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Activities of multinational enterprises in Canada and abroad, 2020

Released: 2023-02-08

Activities of multinational enterprises (MNEs) in Canada were significantly affected by the COVID-19 pandemic in 2020. Many of their activities declined, notably sales (-9.2%), employment (-6.6%), and their contribution to gross domestic product (GDP) (-9.8%). On the other hand, MNEs accumulated more assets (+8.7%) and performed more research and development (R&D).

Outside of Canada, affiliates of Canadian MNEs continued to grow their assets and sales, although their employment decreased.

More detailed information on operating revenues, assets, and employment, by country, can be found in the product "Activities of Multinational Enterprises: Interactive Tool." It also includes provincial data on number of jobs, GDP and international merchandise trade, by type of multinational enterprise.

Sales and assets of Canadian multinationals show different movements

In 2020, sales by Canadian MNEs from their domestic operations declined by $104.2 billion, while sales by their affiliates abroad increased by $23.7 billion. Sales increases abroad primarily came from affiliates operating in the United States. Although sales in many countries increased, the growth was generally smaller than in previous years. In 2020, the Canadian dollar depreciated against most major foreign currencies.

Worldwide assets of Canadian MNEs increased by approximately 10%, led by the finance and insurance sector (+$1.2 trillion), which includes banks. The growth in assets held by foreign affiliates of Canadian MNEs was concentrated in the United States (+$351.1 billion), followed by the United Kingdom (+$42.3 billion).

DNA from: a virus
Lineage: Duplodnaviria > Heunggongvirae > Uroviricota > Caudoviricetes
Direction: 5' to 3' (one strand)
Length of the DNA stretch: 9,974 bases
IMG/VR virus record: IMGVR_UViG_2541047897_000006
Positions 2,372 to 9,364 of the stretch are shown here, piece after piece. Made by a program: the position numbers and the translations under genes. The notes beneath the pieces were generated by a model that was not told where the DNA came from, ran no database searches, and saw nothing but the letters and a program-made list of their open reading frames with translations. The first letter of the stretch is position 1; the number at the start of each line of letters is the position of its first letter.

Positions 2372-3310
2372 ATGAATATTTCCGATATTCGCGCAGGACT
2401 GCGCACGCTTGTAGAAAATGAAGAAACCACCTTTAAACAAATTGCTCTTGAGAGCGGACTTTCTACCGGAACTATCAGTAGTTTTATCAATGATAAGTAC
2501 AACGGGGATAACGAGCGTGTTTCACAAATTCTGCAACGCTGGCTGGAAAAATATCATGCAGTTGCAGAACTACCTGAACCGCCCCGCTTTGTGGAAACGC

Chart 1  Chart 1: Canadian multinationals in Canada and abroad, percentage growth of key indicators, 2019 to 2020
Canadian multinationals in Canada and abroad, percentage growth of key indicators, 2019 to 2020

Decline in employment by multinationals more pronounced in Canada than abroad

The pandemic had significant impacts on jobs in Canada and abroad, including MNEs. Employment by MNEs in Canada declined by over 300,000 (-6.6%) in 2020, almost equally split between Canadian and foreign MNEs. In comparison, employment by non-MNEs fell by over one million (-12.4%) jobs from 2019 to 2020.

Job losses at MNEs were more pronounced in the manufacturing sector, due to factors such as supply chain issues and shutdowns. On the other hand, the professional, scientific and technical services sector was one of the few sectors that had an increase in MNE employment from 2019 to 2020. This was driven mainly by foreign MNEs (+7.4%), as the nature of many jobs in this sector enabled employees to work from home.

Meanwhile, the decline in employment by Canadian MNEs abroad was smaller (-2.1%). There were notably reductions in employment at their foreign affiliates operating in Latin America, including Honduras, Peru, Brazil and Mexico. The overall decline was moderated by an increase in employment by their affiliates operating in the United States.

Multinationals continue to increase their research and development activity

Businesses in Canada expanded their R&D activities in 2020. In-house R&D expenditure was up 3.3%, reaching $22.6 billion, while R&D personnel increased by 6.1% to just under 180,000. Combined, foreign and Canadian MNEs accounted for over 70% of total R&D spending and three-fifths of R&D personnel.

Although MNEs accounted for most R&D activity in terms of spending and personnel, non-MNEs increased their in-house R&D expenditure by 6.1% from 2019 to 2020. During this period, R&D personnel at non-MNEs increased by 10.4%, compared with a 3.8% increase at MNEs.